To say the current corporate climate in Japan is terse right now is somewhat of a surreal reality. For a country largely associated with “pure” and honest business practices, a traditional commitment to protect the tenure of the employee (at times to the detriment of the company’s own well-being) and the origin of some of the world’s most respected companies, the current scandal Toshiba has been charged with is truly mindblowing, perhaps all the more so given how the numbers in this one continue to rise as it progresses.
Toshiba has been manipulating its accounting records for over half a decade
Specifically, “the resignations come after a report showed that top executives set unrealistic profit targets that systematically led to flawed accounting. The accounting irregularities were ‘skillfully’ hidden from outside observers, according to the investigation.” It is likely that more resignations might occur as the situation continues to unravel. Whereas the Olympus accounting fraud scandal from a few years ago was based on a lie spun in the 1980’s, this particular case has been of a much larger nature, and a modern one at that.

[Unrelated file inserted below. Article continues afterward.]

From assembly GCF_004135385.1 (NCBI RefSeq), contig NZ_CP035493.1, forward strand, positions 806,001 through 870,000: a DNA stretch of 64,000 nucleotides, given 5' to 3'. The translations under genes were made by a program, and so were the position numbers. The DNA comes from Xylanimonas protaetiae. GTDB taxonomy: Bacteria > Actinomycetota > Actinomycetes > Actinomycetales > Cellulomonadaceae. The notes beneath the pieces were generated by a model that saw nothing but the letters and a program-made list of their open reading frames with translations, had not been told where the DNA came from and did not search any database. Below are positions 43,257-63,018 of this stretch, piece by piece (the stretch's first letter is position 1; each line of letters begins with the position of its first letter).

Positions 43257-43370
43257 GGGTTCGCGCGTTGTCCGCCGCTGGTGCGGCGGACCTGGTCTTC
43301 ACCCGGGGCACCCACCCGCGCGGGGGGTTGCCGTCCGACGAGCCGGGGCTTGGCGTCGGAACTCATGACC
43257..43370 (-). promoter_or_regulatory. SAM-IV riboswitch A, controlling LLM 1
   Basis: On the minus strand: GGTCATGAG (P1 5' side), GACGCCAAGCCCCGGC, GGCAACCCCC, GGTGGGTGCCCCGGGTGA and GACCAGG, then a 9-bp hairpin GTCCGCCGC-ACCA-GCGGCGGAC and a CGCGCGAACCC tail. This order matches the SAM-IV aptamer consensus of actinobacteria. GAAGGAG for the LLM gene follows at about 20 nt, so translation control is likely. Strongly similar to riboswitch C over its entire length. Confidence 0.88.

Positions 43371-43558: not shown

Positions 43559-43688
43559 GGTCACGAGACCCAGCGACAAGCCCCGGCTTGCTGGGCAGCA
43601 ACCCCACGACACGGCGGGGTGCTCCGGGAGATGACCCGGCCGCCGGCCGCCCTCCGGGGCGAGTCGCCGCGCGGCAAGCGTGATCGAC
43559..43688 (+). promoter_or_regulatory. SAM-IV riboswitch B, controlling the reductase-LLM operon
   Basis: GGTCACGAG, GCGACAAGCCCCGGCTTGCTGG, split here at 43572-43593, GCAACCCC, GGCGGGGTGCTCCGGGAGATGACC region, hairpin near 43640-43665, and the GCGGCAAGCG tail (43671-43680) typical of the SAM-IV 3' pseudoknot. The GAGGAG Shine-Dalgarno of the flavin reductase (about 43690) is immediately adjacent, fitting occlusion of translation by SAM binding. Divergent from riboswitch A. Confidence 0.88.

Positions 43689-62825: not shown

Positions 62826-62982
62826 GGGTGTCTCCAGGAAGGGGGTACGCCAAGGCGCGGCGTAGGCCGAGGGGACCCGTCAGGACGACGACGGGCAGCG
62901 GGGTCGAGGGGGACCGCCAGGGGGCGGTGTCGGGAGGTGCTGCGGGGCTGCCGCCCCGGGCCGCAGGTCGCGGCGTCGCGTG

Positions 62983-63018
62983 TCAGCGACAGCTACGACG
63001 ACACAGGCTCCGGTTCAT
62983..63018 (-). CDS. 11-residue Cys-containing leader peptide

Given the complexities involved, it would follow that the consent and understanding of any number of top-level executives was required, though the fact it took this long for the scandal to surface shows a highly contained situation. Many large blue-chip companies in Japan have multiple independent accounting firms auditing their books and thus it is all the more impressive for Toshiba have hidden this from so many.
While Toshiba isn’t a well known consumer brand in the Android world, the company is invested in the development of components that go in many mobile devices, including camera sensors and some specialized chips. The company is also heavily involved in Project Ara and is manufacturing some Android tablets.
While the outside world at-large might not care much about Toshiba, here in Japan it is a vital part of the economy, being involved in not just consumer electronics, but also the construction of nuclear power plants, air-traffic control systems, railway infrastructure, semiconductors and more. The very fact that it has been lying to investors – and ultimately to the very country it resides in – will likely serve as a permanent scar on its reputation, if not Japan large. As Naoki Fujiwara, chief fund manager at Shinkin Asset Management said, the issue “leaves foreign investors with a vague feeling of uncertainty toward Japanese corporate earnings…it impacts all Japanese companies going forward, and we may see a lack of buying.”